Spellbound by the intensity of the moment, “You… you already know,” she managed to say, lost in the features of that incredible face, scant inches from hers. ‘Seeing in a different light’ will never have the same meaning for me again¸ she thought fleetingly.           

            His other arm rose to encircle her back. “I do. But I can’t believe it. I need the words.”           

            She knew the natural beat of his heart. She had listened to it so many times, to its slow, comforting rhythm beneath her ear as it rested against his chest. Now, under her palm, it was racing.           

            Strangely, this reassured her. She let her gaze wander over that beloved face, unabashedly taking in every… stroke of the brush which had painted those miraculous features. She lifted her other hand, and slowly, reverently, followed those brush strokes, the contour of his chin, the minute movements of the stubble as her finger passed over them, the lower lip slightly trembling, the sensitive cleft. He closed his eyes when she touched it, with a sharp intake of breath. “I was… dreaming... of doing this,” she murmured.           

            He opened his eyes. Two pools of heaven. “And… then?” he asked, holding her tighter.           

            It was her turn to catch her breath. Was this really happening? Overcome, speechless, she bent her head and lightly pressed her forehead to his jaw. He won’t have it. His hand ran up her back to her nape and loosely caught a handful of her hair, lifting her face to his again. “And then?” he urged.           

            The pace of his heart was almost frantic. It was silently shouting, Tell me that you want me!           

            No.            

            She slowly lifted her hands to the sides of his face, into the luscious mane whose color she now knew so precisely. She brought a handful of his hair to her own face, lightly stroking it against her cheeks and lips. And looking into his darkened eyes, she whispered quietly, “You tell me.”           

            His mouth had nothing tentative. Inexperienced, but urgent and possessive, it took her lips, took her breath, took the strength from her knees. She helplessly wound her arms around his neck, welcoming his kiss with all herself, tasting his wonderful raw textures, overwhelmed by his natural mastery. Ecstasy.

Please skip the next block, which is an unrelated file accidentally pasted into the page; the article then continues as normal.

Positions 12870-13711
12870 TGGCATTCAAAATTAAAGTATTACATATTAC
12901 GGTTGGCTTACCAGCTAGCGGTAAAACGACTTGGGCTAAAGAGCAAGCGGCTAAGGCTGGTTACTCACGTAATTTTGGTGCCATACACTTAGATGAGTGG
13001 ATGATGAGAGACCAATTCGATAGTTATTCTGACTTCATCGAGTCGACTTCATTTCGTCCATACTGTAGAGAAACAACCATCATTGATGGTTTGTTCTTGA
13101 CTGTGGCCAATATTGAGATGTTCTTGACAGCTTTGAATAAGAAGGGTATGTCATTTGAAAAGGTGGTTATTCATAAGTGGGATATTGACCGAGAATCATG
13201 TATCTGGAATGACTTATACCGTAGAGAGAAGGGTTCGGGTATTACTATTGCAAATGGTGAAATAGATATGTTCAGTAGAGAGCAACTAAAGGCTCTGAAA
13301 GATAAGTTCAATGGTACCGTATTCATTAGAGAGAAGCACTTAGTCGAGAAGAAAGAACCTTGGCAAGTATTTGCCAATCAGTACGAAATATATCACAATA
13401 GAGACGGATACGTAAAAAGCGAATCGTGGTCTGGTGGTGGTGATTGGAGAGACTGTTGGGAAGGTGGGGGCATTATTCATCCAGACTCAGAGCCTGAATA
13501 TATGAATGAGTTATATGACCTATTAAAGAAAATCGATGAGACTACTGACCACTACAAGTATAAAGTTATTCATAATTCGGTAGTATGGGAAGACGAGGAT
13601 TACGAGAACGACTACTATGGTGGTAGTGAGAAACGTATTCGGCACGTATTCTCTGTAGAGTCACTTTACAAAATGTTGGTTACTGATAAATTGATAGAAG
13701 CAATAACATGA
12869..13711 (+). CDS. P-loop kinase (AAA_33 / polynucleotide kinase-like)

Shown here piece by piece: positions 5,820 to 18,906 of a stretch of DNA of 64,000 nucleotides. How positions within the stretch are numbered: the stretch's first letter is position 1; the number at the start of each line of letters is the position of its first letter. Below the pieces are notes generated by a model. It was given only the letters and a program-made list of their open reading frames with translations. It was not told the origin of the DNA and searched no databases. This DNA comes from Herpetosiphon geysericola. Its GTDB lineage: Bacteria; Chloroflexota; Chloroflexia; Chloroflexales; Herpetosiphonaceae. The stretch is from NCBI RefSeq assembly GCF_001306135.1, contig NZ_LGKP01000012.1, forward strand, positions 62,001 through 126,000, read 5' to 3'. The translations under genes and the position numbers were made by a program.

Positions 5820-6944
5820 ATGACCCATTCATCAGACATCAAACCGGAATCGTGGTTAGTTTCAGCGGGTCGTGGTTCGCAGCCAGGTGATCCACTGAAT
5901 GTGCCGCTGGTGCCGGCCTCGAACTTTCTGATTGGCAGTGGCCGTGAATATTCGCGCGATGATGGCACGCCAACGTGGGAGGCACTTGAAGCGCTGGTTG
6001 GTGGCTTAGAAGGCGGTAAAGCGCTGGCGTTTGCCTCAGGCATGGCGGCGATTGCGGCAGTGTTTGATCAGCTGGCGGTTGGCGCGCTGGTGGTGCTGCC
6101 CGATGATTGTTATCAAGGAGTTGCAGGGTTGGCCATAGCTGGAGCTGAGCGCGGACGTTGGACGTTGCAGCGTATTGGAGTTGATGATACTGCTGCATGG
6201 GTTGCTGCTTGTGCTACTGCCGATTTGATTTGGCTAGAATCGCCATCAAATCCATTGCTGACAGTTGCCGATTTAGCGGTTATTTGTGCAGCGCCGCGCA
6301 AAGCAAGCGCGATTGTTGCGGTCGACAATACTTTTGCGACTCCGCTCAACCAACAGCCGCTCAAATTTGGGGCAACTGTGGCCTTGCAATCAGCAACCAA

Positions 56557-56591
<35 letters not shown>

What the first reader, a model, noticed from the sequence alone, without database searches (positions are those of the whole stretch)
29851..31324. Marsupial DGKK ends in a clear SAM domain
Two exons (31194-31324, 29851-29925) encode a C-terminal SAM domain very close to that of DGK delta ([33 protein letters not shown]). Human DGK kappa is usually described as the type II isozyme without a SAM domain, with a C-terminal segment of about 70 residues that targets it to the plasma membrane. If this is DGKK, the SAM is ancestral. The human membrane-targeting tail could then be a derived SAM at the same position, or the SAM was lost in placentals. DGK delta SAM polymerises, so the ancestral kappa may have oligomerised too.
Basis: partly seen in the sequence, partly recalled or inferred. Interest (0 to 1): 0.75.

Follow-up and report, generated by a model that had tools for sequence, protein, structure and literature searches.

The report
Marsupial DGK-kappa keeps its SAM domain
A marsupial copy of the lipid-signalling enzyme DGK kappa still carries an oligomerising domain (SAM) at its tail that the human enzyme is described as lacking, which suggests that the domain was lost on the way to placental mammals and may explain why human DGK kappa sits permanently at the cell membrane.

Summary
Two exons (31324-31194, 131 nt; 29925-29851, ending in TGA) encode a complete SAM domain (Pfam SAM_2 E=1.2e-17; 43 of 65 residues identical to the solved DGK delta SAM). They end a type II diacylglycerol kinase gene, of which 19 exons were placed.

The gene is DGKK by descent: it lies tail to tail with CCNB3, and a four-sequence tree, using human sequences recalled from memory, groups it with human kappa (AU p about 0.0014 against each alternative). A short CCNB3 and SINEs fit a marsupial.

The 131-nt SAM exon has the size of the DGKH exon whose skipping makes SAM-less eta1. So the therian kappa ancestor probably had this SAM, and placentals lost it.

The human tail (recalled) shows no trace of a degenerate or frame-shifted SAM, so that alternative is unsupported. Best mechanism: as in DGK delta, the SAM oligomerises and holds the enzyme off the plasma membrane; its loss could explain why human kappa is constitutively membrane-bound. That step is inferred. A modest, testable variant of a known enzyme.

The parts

Then she felt his hands sliding up her sides and back… along her arms… and suddenly grasping her wrists and removing them from around his neck, breaking the kiss.            

            She positively whimpered, opening her eyes wide, outraged… but the look in his eyes and the smug little smile on those moist lips – moist from my mouth – made her breath catch anew. He placed a small, wet kiss on one of her hands and took a step back. Under her puzzled gaze, he quickly discarded his cloak, went to the armchair on the other side of the chamber, roughly moved it close to the armoire and stepped on the seat to retrieve a dusty bundle from its top. Only the tingling, delicious sensation on her lips kept Catherine in hope that he had not lost his mind.           

            He lithely leapt to the floor with the bundle in his arms, among puffs of dust. He darted a conspiratorial glance at her. She twisted her hands, baffled.            

            The heavy canvas of the bundle was swiftly and forcefully clawed away, revealing a rich, heavy dark green velvet material. A thick wooden pole appeared when the fabric was unrolled, and it was hastily brought to the chamber entrance and hung, with its attached drapery, to hooks Catherine had never noticed before on either side of the entryway. Once in place, the drape looked alien, and perfect.           

            Gathering the discarded canvas, Vincent threw it to the floor near the exit and finally stilled. They regarded each other a moment. He dropped his eyes to his dusty vest and hands. A shadow of that smug smile still lingered on his lips. Nonchalantly, he began to unfasten his vest. Catherine forgot to breathe. He removed the vest and tossed it aside. With slow, deliberate movements, he brought the ceramic basin to the table from its place close to the cupboard, and poured some water from the pitcher. He raised his eyes to her, and leisurely rolled up his sleeves to the elbow. A wealth of fur appeared, a vision of gold, matching and rivaling his mane. Catherine gulped, with some difficulty. He washed his hands, carefully and unhurriedly. Reaching for the towel, never stopping to look at her, he moved several steps from the table, drying his hands, finally tossing the towel aside.           

            She still waited where he had kissed her. Transfixed. He stood, in his loose shirt, the golden arms set free at his sides. The distance between them let him run his gaze over her. All over her. She could physically feel it, from her eyes down to her lips, to her neck, and further, and further, his different sight seeing her as she was, as she wanted to be, painting her his mate with hot strokes, with a warmth that traveled her body, almost undoing her.           

            “Come here,” he commanded.           

            She flew.